This documentation is for an out-of-date version of Apache Flink. We recommend you use the latest stable version.

Importing Flink into an IDE

The sections below describe how to import the Flink project into an IDE for the development of Flink itself. For writing Flink programs, please refer to the Java API and the Scala API quickstart guides.

NOTE: Whenever something is not working in your IDE, try with the Maven command line first (mvn clean package -DskipTests) as it might be your IDE that has a bug or is not properly set up.


To get started, please first checkout the Flink sources from one of our repositories, e.g.

git clone

Ignoring Refactoring Commits

We keep a list of big refactoring commits in .git-blame-ignore-revs. When looking at change annotations using git blame it’s helpful to ignore these. You can configure git and your IDE to do so using:

git config blame.ignoreRevsFile .git-blame-ignore-revs

IntelliJ IDEA

A brief guide on how to set up IntelliJ IDEA IDE for development of the Flink core. As Eclipse is known to have issues with mixed Scala and Java projects, more and more contributors are migrating to IntelliJ IDEA.

The following documentation describes the steps to setup IntelliJ IDEA 2019.1.3 ( with the Flink sources.

Installing the Scala plugin

The IntelliJ installation setup offers to install the Scala plugin. If it is not installed, follow these instructions before importing Flink to enable support for Scala projects and files:

  1. Go to IntelliJ plugins settings (IntelliJ IDEA -> Preferences -> Plugins) and click on “Install Jetbrains plugin…”.
  2. Select and install the “Scala” plugin.
  3. Restart IntelliJ
  1. Start IntelliJ IDEA and choose “New -> Project from Existing Sources”
  2. Select the root folder of the cloned Flink repository
  3. Choose “Import project from external model” and select “Maven”
  4. Leave the default options and successively click “Next” until you reach the SDK section.
  5. If there is no SDK listed, create one using the “+” sign on the top left. Select “JDK”, choose the JDK home directory and click “OK”. Select the most suiting JDK version. NOTE: A good rule of thumb is to select the JDK version matching the active Maven profile.
  6. Continue by clicking “Next” until finishing the import.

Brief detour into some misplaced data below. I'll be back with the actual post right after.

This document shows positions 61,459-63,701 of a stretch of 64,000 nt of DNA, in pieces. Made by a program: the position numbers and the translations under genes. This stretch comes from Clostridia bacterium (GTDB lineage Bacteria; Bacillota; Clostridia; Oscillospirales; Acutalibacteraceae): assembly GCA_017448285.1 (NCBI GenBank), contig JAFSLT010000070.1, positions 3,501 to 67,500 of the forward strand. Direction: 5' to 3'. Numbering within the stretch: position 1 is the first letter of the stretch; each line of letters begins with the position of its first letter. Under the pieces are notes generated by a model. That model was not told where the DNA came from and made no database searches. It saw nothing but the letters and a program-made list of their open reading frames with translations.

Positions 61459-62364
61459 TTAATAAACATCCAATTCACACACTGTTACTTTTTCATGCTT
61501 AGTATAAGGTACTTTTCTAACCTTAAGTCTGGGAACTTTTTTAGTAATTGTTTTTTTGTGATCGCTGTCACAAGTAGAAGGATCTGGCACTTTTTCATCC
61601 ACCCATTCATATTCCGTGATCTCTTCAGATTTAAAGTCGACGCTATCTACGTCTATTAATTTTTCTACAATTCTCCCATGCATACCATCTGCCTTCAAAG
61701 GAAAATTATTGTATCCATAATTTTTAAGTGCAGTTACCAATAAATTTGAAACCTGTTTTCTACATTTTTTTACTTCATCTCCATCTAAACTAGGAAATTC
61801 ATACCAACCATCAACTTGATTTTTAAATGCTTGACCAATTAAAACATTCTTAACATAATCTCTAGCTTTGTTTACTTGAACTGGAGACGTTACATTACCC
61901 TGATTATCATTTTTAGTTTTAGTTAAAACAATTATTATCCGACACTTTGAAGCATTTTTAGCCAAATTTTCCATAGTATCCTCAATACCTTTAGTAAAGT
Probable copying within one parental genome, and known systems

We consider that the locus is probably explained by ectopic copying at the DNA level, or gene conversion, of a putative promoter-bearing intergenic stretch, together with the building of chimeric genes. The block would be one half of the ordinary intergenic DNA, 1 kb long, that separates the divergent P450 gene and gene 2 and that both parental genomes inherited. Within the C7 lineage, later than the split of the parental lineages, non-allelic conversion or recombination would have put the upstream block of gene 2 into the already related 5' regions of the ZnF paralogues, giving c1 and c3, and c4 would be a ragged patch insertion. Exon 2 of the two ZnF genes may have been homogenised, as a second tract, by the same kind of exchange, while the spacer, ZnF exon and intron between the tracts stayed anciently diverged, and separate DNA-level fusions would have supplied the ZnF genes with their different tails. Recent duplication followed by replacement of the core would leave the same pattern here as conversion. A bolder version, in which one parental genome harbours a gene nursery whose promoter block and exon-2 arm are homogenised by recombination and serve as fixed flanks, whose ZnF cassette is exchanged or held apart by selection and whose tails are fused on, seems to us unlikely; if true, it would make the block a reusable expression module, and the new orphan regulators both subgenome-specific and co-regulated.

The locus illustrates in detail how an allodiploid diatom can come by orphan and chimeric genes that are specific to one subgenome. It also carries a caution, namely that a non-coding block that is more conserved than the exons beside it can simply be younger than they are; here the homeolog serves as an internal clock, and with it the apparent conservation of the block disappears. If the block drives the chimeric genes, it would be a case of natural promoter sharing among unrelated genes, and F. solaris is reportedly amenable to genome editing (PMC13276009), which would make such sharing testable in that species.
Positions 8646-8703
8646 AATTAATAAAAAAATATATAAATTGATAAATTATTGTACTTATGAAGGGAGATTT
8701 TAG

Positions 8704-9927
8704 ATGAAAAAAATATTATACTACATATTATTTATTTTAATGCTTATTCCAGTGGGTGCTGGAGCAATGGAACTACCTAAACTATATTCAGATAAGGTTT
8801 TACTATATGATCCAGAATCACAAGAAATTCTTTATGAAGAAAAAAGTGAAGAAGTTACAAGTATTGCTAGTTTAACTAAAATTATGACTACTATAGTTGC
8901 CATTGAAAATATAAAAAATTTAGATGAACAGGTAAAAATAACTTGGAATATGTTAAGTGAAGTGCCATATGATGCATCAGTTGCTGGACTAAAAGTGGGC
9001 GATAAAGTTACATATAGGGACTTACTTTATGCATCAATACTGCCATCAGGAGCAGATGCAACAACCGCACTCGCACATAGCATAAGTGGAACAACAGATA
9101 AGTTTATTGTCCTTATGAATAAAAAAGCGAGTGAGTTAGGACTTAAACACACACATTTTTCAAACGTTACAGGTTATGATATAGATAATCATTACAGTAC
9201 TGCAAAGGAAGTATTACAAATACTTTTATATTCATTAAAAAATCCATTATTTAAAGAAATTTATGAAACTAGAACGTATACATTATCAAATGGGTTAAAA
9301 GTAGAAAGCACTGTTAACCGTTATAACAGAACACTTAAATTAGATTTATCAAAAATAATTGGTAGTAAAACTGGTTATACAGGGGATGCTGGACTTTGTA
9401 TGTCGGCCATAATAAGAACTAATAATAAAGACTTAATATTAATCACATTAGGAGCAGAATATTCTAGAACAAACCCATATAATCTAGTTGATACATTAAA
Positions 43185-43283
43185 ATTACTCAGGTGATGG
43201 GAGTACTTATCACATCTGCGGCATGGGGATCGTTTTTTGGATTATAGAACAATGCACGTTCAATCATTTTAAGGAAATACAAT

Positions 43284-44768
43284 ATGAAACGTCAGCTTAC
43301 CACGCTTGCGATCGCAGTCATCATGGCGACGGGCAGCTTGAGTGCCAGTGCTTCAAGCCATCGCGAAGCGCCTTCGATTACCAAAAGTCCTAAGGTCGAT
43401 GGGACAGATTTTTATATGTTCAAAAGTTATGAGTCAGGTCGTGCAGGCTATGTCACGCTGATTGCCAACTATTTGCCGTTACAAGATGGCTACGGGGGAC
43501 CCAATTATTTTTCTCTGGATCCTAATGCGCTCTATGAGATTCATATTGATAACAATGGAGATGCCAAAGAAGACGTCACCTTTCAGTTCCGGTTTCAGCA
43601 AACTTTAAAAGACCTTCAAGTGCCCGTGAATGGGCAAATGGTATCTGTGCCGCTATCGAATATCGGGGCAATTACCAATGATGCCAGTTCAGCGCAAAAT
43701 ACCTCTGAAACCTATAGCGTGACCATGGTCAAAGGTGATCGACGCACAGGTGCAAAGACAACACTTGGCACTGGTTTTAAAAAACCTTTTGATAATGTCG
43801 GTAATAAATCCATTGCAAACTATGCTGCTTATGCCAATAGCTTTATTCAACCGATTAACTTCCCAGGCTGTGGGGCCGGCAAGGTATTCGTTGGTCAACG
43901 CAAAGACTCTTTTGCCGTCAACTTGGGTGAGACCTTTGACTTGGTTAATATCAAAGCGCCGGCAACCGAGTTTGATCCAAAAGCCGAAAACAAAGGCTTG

7. Right-click on the imported Flink project -> Maven -> Generate Sources and Update Folders. Note that this will install Flink libraries in your local Maven repository, located by default at “/home/$USER/.m2/repository/org/apache/flink/”. Alternatively, mvn clean package -DskipTests also creates the files necessary for the IDE to work but without installing the libraries.
  8. Build the Project (Build -> Make Project)

Code Formatting

We use the Spotless plugin together with google-java-format to format our Java code. You can configure your IDE to automatically apply formatting on saving with these steps:

  1. Download the google-java-format plugin v1.7.0.5
  2. Install the plugin from disk (Plugins -> little gear icon -> “Install plugin from disk” -> Navigate to downloaded zip file)
  3. In the plugin settings, enable the plugin and change the code style to “AOSP” (4-space indents)
  4. Remember to never update this plugin to a later version!
  5. Install the Save Actions plugin
  6. Enable the plugin, along with “Optimize imports” and “Reformat file”
  7. In the “Save Actions” settings page, setup a “File Path Inclusion” for .*\.java. Otherwise you will get unintended reformatting in other files you edit.

Checkstyle For Java

IntelliJ supports checkstyle within the IDE using the Checkstyle-IDEA plugin.

  1. Install the “Checkstyle-IDEA” plugin from the IntelliJ plugin repository.
  2. Configure the plugin by going to Settings -> Other Settings -> Checkstyle.
  3. Set the “Scan Scope” to “Only Java sources (including tests)”.
  4. Select 8.14 in the “Checkstyle Version” dropdown and click apply. This step is important, don’t skip it!
  5. In the “Configuration File” pane, add a new configuration using the plus icon:
    1. Set the “Description” to “Flink”.
    2. Select “Use a local Checkstyle file”, and point it to "tools/maven/checkstyle.xml" within your repository.